2. Tax-Advantaged Investments Accounts
Tax-advantaged investments, such as 401(k)s, IRAs, and Roth IRAs, are a great way to keep more of your hard-earned money. Here are some of the most common types of tax-advantaged investment accounts:
401(k)s: These plans allow employees to contribute pre-tax dollars into their retirement accounts. The contributions are deducted from an employee’s paycheck before taxes are taken. The money then grows tax free until it’s withdrawn during retirement years.
Roth IRAs : Roth IRAs offer many of the same benefits as 401(k)s with one major difference—the contributions are made after taxes have been paid. Because contributions must be made with after-tax dollars, there is no tax deduction when making withdrawals during retirement years. However, any growth in the account from interest and investment gains can be withdrawn tax free at any time during retirement.
3. Hedging Your Portfolio With Options
Options give you the right to buy or sell an asset at a specific price on or before a certain date. You’re betting on whether the underlying asset will increase or decrease in value before it expires. For example, if you’re confident that inflation will rise over the next year, you might purchase put options — which allow you to sell assets at a specified price — as an insurance policy against rising prices. If inflation rises, these options will become valuable because they allow you to sell assets at higher prices than what would otherwise be possible without them. This strategy can also be used with other types of investments, such as stocks and bonds, to protect against losses from deflation instead of from inflation.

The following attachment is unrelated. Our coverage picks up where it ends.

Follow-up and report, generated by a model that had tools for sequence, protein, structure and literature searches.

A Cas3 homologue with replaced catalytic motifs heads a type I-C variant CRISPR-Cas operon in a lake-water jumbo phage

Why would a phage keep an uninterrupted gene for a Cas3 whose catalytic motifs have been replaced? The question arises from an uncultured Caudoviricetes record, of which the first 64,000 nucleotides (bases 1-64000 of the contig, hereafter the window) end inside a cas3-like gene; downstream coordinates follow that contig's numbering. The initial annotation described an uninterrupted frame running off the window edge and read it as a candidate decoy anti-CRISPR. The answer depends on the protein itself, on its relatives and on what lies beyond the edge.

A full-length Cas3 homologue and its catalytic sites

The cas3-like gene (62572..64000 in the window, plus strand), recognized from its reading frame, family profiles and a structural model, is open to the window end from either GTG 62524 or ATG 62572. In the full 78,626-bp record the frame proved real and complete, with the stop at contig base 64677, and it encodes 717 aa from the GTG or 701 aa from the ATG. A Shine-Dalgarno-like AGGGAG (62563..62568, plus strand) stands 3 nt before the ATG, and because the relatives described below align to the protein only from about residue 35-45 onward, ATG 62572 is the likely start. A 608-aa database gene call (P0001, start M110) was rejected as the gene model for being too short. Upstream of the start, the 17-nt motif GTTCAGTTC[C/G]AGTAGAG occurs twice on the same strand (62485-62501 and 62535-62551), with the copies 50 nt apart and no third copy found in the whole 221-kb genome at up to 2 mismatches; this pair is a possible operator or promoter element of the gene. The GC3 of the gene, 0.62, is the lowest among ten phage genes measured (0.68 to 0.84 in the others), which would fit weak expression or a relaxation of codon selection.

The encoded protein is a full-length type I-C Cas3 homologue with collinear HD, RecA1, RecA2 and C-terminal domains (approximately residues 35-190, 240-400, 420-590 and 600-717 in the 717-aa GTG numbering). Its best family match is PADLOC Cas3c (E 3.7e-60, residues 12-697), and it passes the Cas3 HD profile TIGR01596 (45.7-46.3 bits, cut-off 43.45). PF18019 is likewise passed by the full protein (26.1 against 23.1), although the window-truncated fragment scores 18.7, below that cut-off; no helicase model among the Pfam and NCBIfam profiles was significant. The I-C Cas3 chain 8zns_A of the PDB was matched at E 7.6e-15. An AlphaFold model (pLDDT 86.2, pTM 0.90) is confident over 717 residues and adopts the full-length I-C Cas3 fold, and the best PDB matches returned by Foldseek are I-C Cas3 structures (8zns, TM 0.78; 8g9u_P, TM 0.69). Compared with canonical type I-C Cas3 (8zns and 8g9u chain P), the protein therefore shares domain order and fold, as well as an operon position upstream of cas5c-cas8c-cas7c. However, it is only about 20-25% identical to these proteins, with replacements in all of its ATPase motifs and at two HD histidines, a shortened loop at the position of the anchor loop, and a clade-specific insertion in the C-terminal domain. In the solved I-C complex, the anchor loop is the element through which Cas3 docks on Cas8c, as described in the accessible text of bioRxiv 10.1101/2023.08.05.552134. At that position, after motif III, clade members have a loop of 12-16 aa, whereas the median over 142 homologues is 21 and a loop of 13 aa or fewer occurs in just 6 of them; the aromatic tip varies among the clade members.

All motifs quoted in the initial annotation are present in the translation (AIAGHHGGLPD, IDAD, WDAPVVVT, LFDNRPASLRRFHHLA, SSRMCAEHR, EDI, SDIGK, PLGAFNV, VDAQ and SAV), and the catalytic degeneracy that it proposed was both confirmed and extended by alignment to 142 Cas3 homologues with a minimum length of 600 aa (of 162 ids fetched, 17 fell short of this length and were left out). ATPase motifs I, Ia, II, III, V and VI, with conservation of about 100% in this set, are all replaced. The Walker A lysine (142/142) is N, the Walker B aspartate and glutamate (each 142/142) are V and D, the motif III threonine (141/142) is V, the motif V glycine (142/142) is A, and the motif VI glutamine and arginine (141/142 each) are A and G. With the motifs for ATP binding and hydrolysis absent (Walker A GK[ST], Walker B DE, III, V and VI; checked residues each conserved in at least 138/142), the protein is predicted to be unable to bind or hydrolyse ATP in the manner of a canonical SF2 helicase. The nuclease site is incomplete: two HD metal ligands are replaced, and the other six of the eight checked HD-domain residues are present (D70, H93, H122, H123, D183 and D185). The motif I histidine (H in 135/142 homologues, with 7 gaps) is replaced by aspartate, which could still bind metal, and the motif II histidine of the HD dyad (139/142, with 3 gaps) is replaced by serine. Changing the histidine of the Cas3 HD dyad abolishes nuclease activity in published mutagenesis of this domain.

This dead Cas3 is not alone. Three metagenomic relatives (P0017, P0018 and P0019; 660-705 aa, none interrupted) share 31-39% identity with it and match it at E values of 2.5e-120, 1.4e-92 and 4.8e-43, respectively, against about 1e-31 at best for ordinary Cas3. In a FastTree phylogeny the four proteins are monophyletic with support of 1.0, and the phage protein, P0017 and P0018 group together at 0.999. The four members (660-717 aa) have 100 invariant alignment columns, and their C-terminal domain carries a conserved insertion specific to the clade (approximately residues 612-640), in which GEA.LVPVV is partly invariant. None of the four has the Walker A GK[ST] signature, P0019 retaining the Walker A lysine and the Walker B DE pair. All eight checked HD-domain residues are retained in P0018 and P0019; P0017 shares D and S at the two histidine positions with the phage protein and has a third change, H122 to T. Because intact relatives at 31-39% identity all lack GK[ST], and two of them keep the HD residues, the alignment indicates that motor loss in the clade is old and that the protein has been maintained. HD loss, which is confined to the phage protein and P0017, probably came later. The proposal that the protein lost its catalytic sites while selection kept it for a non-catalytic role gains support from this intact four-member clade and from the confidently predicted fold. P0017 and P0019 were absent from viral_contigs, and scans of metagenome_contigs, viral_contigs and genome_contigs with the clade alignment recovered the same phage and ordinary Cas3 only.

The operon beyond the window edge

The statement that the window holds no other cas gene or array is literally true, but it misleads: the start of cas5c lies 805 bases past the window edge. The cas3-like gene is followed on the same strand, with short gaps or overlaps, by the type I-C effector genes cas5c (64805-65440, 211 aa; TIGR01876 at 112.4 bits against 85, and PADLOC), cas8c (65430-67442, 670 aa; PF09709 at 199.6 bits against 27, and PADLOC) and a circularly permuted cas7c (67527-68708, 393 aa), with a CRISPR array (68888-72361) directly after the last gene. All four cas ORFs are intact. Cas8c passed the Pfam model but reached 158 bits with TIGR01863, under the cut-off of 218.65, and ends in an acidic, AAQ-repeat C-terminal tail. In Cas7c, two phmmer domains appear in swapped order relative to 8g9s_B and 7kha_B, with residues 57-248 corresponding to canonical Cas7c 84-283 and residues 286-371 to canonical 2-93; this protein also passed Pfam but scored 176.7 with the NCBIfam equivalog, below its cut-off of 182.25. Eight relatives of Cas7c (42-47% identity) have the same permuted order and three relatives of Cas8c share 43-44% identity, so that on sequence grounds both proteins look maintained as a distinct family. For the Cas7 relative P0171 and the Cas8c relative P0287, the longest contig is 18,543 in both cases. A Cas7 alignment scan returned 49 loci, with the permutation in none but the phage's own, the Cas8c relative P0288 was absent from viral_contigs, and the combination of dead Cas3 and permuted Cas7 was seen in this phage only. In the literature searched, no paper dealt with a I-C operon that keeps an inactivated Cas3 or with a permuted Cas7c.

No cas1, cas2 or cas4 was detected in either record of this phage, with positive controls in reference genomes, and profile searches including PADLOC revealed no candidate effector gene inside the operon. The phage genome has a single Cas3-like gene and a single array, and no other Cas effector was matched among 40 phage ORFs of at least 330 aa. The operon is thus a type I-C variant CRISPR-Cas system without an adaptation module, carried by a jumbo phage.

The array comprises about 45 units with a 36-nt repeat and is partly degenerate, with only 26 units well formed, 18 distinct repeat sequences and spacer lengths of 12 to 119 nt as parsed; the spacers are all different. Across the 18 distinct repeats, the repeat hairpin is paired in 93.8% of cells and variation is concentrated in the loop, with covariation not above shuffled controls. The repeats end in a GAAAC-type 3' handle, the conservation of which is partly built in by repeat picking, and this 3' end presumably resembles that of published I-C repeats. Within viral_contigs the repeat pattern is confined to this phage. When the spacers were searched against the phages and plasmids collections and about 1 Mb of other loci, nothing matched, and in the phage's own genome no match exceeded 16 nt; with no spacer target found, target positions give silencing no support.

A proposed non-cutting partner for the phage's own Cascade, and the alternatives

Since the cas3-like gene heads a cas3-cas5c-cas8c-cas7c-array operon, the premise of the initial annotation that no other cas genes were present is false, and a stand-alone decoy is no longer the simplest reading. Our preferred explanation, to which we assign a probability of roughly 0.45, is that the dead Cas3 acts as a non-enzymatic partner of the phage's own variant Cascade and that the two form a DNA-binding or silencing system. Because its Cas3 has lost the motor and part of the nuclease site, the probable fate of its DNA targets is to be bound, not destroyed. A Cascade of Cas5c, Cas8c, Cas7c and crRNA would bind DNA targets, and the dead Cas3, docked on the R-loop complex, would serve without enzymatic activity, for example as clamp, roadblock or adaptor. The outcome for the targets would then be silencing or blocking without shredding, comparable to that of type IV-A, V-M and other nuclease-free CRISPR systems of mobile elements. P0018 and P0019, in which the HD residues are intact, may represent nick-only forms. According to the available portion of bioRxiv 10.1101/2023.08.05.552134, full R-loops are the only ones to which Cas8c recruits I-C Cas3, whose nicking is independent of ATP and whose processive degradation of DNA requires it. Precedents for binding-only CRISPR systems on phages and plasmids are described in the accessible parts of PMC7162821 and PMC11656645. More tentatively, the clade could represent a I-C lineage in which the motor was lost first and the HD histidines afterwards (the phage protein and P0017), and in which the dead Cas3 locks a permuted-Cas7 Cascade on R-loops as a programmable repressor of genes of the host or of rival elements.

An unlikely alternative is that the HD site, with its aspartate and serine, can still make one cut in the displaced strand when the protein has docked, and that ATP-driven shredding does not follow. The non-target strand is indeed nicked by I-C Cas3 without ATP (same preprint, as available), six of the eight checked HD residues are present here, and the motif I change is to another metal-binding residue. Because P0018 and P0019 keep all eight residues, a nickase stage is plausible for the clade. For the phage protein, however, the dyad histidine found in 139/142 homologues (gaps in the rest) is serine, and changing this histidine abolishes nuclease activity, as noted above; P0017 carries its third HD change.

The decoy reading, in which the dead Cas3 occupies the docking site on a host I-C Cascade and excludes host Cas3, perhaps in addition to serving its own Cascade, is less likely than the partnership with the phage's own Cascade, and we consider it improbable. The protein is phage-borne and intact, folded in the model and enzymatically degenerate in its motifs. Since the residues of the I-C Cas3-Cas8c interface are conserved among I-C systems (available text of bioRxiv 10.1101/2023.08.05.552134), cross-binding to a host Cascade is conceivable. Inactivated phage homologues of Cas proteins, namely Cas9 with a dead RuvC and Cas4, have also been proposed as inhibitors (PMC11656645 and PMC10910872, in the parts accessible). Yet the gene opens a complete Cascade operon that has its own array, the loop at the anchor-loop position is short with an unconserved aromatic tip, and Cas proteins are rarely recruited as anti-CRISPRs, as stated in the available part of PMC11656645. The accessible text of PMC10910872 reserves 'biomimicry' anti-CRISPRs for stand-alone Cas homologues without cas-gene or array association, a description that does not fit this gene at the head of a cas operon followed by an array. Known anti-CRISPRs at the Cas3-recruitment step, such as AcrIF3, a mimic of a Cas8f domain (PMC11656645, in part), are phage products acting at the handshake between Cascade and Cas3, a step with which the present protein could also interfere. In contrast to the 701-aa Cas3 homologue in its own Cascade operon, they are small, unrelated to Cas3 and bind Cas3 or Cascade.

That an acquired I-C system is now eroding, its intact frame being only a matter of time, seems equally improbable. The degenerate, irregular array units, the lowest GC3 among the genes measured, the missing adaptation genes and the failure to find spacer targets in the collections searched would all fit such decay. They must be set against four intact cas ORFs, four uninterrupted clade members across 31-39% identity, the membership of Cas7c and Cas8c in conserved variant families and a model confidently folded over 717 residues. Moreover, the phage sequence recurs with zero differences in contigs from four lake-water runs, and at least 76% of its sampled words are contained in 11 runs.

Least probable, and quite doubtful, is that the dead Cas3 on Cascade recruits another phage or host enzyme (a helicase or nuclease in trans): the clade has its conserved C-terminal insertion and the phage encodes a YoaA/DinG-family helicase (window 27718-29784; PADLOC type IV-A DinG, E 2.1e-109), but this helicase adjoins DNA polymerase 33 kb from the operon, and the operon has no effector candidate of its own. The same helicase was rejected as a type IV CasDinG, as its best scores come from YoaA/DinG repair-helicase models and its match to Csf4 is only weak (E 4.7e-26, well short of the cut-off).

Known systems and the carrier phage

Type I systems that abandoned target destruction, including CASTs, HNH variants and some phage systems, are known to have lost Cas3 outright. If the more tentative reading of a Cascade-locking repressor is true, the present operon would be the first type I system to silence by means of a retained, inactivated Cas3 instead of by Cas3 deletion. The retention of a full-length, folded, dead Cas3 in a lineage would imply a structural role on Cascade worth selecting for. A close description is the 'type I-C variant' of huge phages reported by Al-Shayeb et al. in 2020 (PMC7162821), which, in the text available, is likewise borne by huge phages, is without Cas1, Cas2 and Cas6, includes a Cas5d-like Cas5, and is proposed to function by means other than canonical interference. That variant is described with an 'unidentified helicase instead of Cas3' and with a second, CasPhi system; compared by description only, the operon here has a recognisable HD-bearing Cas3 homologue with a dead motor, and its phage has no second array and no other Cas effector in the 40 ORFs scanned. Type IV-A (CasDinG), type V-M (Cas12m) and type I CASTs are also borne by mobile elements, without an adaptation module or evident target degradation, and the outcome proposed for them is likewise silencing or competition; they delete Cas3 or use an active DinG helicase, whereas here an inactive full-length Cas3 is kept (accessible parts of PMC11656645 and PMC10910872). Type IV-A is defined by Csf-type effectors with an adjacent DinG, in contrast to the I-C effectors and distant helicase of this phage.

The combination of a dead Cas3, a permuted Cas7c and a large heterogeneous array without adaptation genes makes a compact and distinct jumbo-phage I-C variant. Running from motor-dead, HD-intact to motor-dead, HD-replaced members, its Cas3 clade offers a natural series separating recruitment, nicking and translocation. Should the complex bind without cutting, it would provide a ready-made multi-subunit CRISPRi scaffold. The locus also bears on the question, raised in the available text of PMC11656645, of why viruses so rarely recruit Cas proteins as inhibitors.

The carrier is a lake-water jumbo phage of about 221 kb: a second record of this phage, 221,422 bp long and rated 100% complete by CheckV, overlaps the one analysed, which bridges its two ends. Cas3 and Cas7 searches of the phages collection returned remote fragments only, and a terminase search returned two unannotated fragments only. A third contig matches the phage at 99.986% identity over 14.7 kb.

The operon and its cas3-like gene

4. Accelerated depreciation deductions
Accelerated depreciation deductions allow investors to write off more than what they actually spend on their properties, thus reducing their taxable income. This strategy allows investors to reduce their tax liability and increase their cash flow by writing off more expenses than they actually incur on their properties.
5. Convert to Qualified Leases
If you own a rental property, you may be able to convert your rental income into a qualified leasehold interest and avoid paying taxes on the money received until you sell the building. This strategy works best if you’ve owned the building for over two years and plan to hold onto it for at least five years to qualify for depreciation. You can also use this strategy if you’re interested in moving out of the property management business but want to keep collecting rent checks from tenants long-term.
As multifamily real estate investors, you might think that you need to watch out for the usual income taxes, but taking advantage of some of these strategies can help keep your tax liability lower. In addition, there are some ways that property management companies can use to maximize their profits and protect themselves from inflation.